GMPartsCenter.net recently compiled a comprehensive list of the 10 biggest engines ever made by General Motors, kicking off with Cadillac’s pre-war Series 90 V-16.
That Chevy’s 572 crate engine brings up the rear says a lot about the size of engines 2 through 9. The graphic at right ranks the engines in terms of cubic inches, but also shares statistics about rated horsepower, torque and some historical facts.
“There are a lot of electric vehicle fans who like to criticize the internal combustion engine for being ‘old technology’, but their evolution is impressive and shouldn’t be scoffed at,” says Matt Mylan, Director at GMPartsCenter.net. “Engine performance has been roughly doubling every 30 years or so. That’s an incredible rate of growth,” says Mylan.
GM’s production of big displacement engines dates back to the 1930s, when high-end Cadillac models featured twice as many cylinders as some of their modern counterparts. Big displacement engines fell out of favor in the ’40s and ’50s, until the muscle car era brought them back into production in the 1960s. The same pattern repeated in the late ’70s and ’80s, with big displacement re-emerging once again in the ’90s.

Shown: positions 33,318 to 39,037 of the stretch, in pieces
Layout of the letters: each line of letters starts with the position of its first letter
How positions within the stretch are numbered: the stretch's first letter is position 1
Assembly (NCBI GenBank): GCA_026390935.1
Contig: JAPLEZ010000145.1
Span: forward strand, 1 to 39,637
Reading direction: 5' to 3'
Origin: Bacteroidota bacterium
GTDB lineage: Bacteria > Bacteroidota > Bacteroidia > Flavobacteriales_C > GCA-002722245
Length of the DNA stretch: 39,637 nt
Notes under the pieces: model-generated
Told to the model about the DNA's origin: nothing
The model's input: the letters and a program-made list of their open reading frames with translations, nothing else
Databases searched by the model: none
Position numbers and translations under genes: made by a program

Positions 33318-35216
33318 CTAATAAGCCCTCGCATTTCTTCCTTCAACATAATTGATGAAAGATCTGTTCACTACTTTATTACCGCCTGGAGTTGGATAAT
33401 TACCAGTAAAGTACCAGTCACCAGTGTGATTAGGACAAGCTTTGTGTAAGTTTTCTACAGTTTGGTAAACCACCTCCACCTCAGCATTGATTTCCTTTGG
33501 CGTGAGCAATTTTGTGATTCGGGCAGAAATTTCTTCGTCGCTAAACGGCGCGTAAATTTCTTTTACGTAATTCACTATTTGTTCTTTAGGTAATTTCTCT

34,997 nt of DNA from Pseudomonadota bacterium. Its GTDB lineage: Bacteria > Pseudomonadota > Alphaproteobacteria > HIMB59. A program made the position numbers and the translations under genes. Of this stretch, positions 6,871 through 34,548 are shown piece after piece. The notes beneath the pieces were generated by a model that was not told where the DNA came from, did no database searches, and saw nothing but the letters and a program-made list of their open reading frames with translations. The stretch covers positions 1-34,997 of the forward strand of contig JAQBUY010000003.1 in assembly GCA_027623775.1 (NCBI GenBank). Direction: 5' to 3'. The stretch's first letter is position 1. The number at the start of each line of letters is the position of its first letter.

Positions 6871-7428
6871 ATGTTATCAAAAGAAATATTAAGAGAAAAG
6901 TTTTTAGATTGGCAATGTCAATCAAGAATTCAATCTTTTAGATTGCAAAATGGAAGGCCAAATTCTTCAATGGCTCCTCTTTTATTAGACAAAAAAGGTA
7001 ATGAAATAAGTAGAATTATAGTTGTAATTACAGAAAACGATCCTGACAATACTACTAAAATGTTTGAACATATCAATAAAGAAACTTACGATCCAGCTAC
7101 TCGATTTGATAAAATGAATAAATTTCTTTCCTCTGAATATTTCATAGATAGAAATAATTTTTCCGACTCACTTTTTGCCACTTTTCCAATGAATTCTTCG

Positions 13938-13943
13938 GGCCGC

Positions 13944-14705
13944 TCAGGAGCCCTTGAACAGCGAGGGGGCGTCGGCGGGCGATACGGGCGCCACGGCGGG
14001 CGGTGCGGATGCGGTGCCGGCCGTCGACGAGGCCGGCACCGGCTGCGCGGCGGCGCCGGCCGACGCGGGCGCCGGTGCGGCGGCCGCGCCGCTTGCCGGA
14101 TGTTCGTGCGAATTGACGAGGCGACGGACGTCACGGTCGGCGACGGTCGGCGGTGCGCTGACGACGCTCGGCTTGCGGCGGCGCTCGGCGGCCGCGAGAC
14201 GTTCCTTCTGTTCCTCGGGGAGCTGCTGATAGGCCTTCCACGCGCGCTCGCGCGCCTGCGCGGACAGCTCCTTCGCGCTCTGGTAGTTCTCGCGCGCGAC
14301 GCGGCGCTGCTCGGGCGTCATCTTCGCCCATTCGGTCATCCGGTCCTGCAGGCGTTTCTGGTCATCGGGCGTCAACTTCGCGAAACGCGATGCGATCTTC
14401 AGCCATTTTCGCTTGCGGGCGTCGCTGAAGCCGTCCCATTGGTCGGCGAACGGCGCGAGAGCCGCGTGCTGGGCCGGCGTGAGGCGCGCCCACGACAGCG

“In 1938, the 7.1L V-16 Cadillac Series 90 engine was state of the art, producing 185hp,” Mylan says. “Three decades later, the Olds 455 was producing 400hp with 8 fewer cylinders. Three more decades, and Chevy’s 572 crate motor can produce 720hp, nearly twice power of the Olds 455.”
While most of the engines on the list are from the 1960s muscle car era, there are three modern engines on the list, including the GM 572 crate, the 502 crate engine, and the 8.1 liter V8. While the two crate motors are typically used in racing applications, the 8.1 liter was a staple on many GM trucks until 2010.
Known as the Vortec 8100, the 8.1 liter was offered in 3/4 and 1-ton pickups and vans, the Suburban, and even on the Chevy Avalanche.